Some states are heavy regulators (think West Coast and Northeastern states, in particular), while others are content to add little to what is required by federal law. The laws below are either relatively common or gaining steam in state legislatures, so they should be on your radar. The HR Support Center can help you learn about them and other applicable laws in the states in which you operate.
Additional Protected Classes – Varying employee counts
Many states have their own civil rights laws that look much like Title VII, but often take effect at a lower employee count and include additional protected classes. Some of the most commonly added protections are for sexual orientation, arrest records, off-duty use of legal products, consumer debt garnishment, credit information, and marital status.
Pregnancy Accommodation Expansions – Varying employee counts
These laws require that employers provide specific workplace accommodations, even if the employee is not suffering from a pregnancy-related disability. Many of the accommodations must be provided without a doctor’s note, such as additional food and water breaks, seating, and reasonable lifting restrictions. Employers may still ask for a note for other accommodations, such as flexible scheduling or light duty, but an employee will not need to prove that they are disabled. Employers do not need to provide accommodations if doing so would create an undue hardship, but the significant difficulty or expense standard for undue hardship is hard to meet.
Paid Sick Leave – Varying employee counts
The paid sick leave laws passed so far share some common elements. Notably, employers are typically required to offer at least one hour of paid sick leave for every 30 or 40 hours worked, and employees can use their leave to care for themselves or a family member (most states also allow the time to be used in case of domestic or sexual violence). The laws vary most—though still not dramatically—with respect to which employees are eligible and when, and what kind of documentation can be required to prove that employees used the leave for a permissible purpose. Some states allow smaller employers to provide unpaid leave.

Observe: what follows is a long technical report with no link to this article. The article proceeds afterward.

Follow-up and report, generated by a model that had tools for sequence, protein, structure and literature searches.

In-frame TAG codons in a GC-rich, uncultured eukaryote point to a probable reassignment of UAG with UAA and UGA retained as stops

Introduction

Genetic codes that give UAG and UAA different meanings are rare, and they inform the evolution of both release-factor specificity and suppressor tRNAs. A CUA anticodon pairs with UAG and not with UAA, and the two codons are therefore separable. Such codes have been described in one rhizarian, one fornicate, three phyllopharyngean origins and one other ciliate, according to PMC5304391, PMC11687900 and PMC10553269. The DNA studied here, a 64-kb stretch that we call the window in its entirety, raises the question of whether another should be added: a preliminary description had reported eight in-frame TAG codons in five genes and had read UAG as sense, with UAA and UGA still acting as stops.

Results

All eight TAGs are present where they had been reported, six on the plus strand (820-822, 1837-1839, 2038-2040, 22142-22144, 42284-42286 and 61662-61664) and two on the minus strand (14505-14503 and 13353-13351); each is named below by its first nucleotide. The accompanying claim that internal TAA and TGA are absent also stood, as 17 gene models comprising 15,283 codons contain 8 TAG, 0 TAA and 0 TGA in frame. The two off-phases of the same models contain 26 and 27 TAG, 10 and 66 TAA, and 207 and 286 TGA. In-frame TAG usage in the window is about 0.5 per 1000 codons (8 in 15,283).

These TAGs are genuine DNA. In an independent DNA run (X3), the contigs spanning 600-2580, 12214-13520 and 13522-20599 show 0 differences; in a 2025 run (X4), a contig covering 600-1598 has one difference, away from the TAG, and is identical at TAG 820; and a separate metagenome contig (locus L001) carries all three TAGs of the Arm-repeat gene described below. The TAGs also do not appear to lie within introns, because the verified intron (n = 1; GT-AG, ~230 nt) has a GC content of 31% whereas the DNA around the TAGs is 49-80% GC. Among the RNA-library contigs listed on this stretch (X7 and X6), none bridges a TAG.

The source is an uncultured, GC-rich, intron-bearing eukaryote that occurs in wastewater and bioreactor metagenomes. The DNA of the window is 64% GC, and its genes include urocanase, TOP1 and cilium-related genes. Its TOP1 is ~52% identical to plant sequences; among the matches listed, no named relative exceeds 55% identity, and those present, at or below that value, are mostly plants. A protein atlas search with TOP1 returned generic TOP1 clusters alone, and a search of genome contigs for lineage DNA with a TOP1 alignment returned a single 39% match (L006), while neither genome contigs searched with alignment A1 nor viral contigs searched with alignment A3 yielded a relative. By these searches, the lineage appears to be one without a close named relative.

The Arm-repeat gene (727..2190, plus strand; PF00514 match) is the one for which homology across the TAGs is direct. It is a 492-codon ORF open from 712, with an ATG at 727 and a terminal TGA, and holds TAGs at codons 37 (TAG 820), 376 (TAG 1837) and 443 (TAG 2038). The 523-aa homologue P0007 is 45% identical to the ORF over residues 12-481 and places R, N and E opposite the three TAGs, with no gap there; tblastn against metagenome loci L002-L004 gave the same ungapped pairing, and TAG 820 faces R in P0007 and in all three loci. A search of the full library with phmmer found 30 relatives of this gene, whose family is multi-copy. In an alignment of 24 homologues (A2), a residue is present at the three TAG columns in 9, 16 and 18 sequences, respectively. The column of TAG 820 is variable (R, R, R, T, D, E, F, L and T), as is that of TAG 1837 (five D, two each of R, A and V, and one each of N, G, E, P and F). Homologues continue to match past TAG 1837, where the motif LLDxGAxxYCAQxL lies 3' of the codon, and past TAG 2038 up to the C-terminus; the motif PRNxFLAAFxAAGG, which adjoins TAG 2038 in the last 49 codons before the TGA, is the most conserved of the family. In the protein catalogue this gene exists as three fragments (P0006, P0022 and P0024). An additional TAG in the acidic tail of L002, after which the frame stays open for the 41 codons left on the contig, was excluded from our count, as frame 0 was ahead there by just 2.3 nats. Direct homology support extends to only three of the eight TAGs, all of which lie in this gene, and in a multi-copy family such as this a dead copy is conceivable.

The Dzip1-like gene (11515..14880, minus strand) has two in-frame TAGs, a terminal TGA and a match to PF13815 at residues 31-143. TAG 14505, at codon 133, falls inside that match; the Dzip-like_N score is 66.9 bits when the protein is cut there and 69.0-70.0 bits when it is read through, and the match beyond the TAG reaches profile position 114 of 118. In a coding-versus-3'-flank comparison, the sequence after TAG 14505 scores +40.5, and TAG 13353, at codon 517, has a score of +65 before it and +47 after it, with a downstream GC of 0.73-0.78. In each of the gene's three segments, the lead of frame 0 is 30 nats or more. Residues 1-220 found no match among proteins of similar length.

Criminal History Inquiry Bans – Varying employee counts
Often referred to as “Ban the Box,” these laws prohibit employers from asking about criminal history either until an interview is scheduled or a contingent job offer is made to the candidate. There may also be specific notice requirements if an employer decides not to hire an applicant because of their criminal history.
Salary History Inquiry Bans – Usually all employers
These laws prohibit employers from inquiring about a candidate’s current or previous wages, whether directly or through a third party. Some salary history inquiry bans are stand-alone laws, while others are part of larger equal pay acts.
Social Media Privacy – Usually all employers
Most of these laws share some themes. First, they prohibit employers from requiring or requesting that employees or applicants disclose their login credentials. Second, the laws say employers cannot require or request that an employee or applicant access their personal social media in the employer’s presence or add the employer (or one of their employees) to their contacts or friends list. Third, the laws prohibit retaliation or failure to hire should an applicant or employee refuse such requests for access.
This post is provided by the HR Pros at the HR Support Center. When you need essential information on human resources issues, from benefits, hiring, and management, to culture, technology and regulations, HR Support Center is a resource on which you can rely. To learn more, visit www.corpay.com/hrsupport or contact us at 770-446-7289 x2102.